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Brunner's Sheep Look Up


The Sheep Look Up.

Brunner, John. Dallas: BenBella Books, 2003. 408pp. $15.95, softcover. ISBN: 1932100016.

Originally published in 1972, John Brunner's The Sheep Look Up is a dystopian tale whose urgency has only increased in the years since its debut. Picked up by a number of radical ecological movements, who were inspired by Brunner's environmentally sensible hero, Austin Train, and his monkeywrenching followers, the trainites, the novel has enjoyed an enthusiastic underground following, even as it has been forgotten by the larger science fiction community. With the addition of a brief, laudatory introduction by David Brin and a chilling afterword by James John Bell, the 2003 reprint of this science fiction "classic" should be read by those who are concerned about the environment and must be read by those who think they aren't concerned.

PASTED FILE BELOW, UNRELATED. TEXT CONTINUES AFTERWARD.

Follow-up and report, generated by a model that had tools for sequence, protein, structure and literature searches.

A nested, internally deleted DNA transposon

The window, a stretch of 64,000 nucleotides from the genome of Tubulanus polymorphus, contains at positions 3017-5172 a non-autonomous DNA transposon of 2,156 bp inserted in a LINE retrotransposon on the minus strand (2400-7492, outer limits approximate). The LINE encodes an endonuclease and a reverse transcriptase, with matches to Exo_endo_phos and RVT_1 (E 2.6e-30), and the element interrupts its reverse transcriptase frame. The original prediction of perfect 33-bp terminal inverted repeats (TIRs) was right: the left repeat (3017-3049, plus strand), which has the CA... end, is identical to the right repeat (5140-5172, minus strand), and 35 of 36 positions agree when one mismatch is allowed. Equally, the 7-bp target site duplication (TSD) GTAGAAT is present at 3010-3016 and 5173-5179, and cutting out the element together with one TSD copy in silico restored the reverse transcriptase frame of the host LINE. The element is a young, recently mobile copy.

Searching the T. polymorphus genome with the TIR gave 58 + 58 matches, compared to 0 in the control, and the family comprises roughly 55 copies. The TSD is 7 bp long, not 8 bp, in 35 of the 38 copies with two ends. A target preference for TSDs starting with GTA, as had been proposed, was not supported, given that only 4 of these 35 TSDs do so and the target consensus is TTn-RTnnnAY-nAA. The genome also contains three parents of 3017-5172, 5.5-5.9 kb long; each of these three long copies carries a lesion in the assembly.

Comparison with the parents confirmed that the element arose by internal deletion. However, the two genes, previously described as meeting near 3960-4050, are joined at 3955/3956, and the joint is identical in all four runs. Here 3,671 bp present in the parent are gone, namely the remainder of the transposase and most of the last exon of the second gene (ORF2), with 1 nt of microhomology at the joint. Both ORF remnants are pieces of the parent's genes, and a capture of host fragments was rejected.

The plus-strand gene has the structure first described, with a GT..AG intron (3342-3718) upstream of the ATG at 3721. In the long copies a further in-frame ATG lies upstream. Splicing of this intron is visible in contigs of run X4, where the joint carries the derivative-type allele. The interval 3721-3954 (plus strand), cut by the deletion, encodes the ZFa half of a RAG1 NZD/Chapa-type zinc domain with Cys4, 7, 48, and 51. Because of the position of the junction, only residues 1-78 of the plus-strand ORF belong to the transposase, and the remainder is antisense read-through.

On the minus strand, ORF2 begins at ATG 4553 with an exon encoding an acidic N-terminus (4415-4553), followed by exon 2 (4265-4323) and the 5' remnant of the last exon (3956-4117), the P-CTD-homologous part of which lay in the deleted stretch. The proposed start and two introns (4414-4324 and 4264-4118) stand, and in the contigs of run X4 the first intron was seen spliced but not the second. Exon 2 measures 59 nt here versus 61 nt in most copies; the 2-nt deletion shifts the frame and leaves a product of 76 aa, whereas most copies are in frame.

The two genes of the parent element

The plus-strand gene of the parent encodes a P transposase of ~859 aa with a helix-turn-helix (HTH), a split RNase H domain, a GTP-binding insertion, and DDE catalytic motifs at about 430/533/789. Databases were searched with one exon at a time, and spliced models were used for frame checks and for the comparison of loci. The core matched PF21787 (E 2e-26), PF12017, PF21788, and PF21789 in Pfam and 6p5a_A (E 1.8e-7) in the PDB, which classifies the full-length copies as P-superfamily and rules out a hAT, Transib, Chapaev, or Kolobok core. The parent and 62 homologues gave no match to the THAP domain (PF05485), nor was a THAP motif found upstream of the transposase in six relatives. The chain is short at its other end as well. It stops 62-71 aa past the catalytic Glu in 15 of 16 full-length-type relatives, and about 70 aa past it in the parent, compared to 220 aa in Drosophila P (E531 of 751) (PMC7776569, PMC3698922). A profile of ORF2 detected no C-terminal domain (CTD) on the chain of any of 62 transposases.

Part of a trilogy (which includes Shockwave Rider and Stand on Zanzibar), Brunner's The Sheep Look Up paints a picture of a not-so-distant future, when our water, food, and air have been polluted as a consequence of corporate greed. Where a disingenuous U.S. government has buckled under the weight of industrial mandates, waging wars on the Third World for scarce resources and protecting big business through cover-ups, propaganda, and a corrupt legal system. Where a chasm has emerged to separate the rich, healthy, and privileged from the poor, sick, and oppressed. Where those with the courage to stand up for justice and equality are labeled as traitors. In other words, it is a bit too close for comfort.